Tupper was wont to complain to friends that Buddy Jacobson was harassing Melanie. Some of the harassment was plaintive in tone. “Dear Melon,” ran a cable he sent on July 29, “Sorry for the past week and for the abuse I must have put you through for the past five years. You always hurt the one you love. Jack is a good guy and will love you and be honest with you. You’re right, I would always be a bum …”

But there were other, less lachrymose, signals. “The guy is like harassing her and calling her on the phone,” Tupper told Dick Leslie, owner of R.W. Bond’s, on Third. Tupper said that Buddy would call him and demand his “wife” back. Curious choice of words. Also, he was watching them.

“Jacobson has been standing on the terrace for two weeks. He never leaves it,” Tupper said.

Oddest was the reported cash offer. “Can you believe that this girl is worth $100,000?” Tupper said, indicating Melanie, not without pride. “This guy is such an asshole. He offered me $100,000 to leave town … buy a restaurant.”

Alongside the cash, Jacobson apparently offered Tupper his pick of other girls. A rhetorical trope, no doubt. The alleged offer was tape-recorded, and is in the hands of the police. Why was it recorded? Jack recorded all his calls, it seems.

At no point did Tupper find Jacobson’s behavior alarming, friends say. But Melanie began to search for an apartment with special urgency.

On Friday, August 4, Tupper and Cain dined with a friend in the Parma. There was talk of marriage.

“Where shall we have an after-dinner drink?” Tupper asked.

“Shall we go into the lion’s den?”

The “lion’s den” was Nicola’s, slap-bang opposite Buddy Jacobson’s building. They strolled the few blocks. Tupper and Cain strode straight in, but the friend glanced up at Buddy’s terrace.

For the first time he could recall recently, Buddy Jacobson was not there, watching. “Guess who’s not on the terrace?” he said.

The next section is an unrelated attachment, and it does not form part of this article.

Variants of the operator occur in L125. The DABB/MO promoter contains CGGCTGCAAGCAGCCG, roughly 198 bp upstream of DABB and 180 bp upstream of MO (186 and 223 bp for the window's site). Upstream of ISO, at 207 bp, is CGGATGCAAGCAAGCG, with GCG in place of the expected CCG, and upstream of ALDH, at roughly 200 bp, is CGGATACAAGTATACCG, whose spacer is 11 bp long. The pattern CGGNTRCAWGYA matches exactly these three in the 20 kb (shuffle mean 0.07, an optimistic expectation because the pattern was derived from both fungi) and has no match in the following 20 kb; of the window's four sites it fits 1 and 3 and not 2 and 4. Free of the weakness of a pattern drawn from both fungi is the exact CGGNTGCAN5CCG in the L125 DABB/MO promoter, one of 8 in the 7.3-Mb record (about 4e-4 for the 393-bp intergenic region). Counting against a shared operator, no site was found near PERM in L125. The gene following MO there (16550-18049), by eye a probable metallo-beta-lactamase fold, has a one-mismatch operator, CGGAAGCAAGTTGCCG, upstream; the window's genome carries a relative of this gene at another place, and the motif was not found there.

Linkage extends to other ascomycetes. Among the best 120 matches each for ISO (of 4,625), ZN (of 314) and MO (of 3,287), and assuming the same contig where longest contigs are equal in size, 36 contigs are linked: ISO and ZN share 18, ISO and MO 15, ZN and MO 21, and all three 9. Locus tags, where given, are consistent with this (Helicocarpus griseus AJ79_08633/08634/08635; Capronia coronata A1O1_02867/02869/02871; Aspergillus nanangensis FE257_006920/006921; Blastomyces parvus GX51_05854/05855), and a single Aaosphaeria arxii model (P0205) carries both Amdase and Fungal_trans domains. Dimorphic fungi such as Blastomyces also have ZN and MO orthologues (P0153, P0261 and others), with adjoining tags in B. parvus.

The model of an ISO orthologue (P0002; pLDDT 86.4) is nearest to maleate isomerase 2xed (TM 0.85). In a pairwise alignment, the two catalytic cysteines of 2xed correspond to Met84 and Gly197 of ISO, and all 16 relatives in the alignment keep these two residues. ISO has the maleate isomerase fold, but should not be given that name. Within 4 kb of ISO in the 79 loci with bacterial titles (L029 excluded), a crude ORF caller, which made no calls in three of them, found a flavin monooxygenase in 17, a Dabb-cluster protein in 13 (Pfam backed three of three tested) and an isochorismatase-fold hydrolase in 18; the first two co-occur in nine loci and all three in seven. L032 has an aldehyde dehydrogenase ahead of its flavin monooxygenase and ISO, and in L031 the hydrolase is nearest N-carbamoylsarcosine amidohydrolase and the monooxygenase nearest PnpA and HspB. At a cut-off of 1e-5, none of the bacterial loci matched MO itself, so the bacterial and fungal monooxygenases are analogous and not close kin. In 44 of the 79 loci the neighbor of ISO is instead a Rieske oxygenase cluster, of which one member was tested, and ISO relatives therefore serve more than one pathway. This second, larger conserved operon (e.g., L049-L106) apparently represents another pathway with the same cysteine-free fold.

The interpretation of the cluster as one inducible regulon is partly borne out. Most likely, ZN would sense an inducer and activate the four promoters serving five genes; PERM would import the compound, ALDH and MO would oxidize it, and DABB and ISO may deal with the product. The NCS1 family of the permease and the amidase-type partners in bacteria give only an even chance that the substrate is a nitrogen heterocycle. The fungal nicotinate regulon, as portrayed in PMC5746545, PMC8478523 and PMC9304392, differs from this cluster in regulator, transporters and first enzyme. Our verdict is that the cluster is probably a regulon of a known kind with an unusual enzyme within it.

“He probably knows where we are,” Tupper said. It was Jack Tupper’s belief that they were being followed.

On Saturday, Jack Tupper took Melanie out to Long Island. They returned to Manhattan late and dined at home. Melanie had a cold.

On the morning of Sunday, August 6, Melanie Cain got up early, leaving Jack Tupper in bed, and went to sign the lease on an apartment on 52nd.

Next time she saw him, she recognized him only by the Sagittarius chain around his blackened neck.

Later, Buddy Jacobson admitted that these had not been his happiest weeks. He was upset about Melanie but denied there was any “love triangle.”

I said that I had heard that he had had no sexual involvement with Melanie for the preceding six months.

“I’m glad you said that,” Buddy Jacobson said, twice.

And was there any connection with the death of Cheryl Corey? Cheryl Corey was the model, also with My Fair Lady, and a sometime tenant of 84th Street, who had fallen to her death off a boyfriend’s balcony that same Sunday morning.

“No,” Jacobson said, adding, “The only connection that there may be is that I learned about it that morning. I don’t think I’ve ever seen a dead body in my life.

“And I think that hearing that, coupled with the events of the prior few days, and the events that were to take place that day, that, at anytime during that day, I was not in the best frame of mind.”

He halted and clarified.

“In other words, I was not ready to make some important decisions.” The decision, he explained, concerned his defense.

The events that were to take place that day: Melanie Cain returned to 155 East 84th at just before one o’clock. Jack Tupper was not there. She went downstairs and talked with some of the models. The death of Cheryl Corey lent the chat a darkish tinge.

Melanie Cain returned to the seventh floor. Several times. In retelling, the day grows disjointed, increasingly phantasmagoric. Soon she found that although the apartment that she and Tupper shared seemed unruffled there were bothersome details. Jack’s boots were still there, and his jogging shoes.

Her eye alighted on something more unusual yet: the address book, a mockleather affair kept shut by an elastic band, without which Jack Tupper seldom went out. Also his gold Cross pen.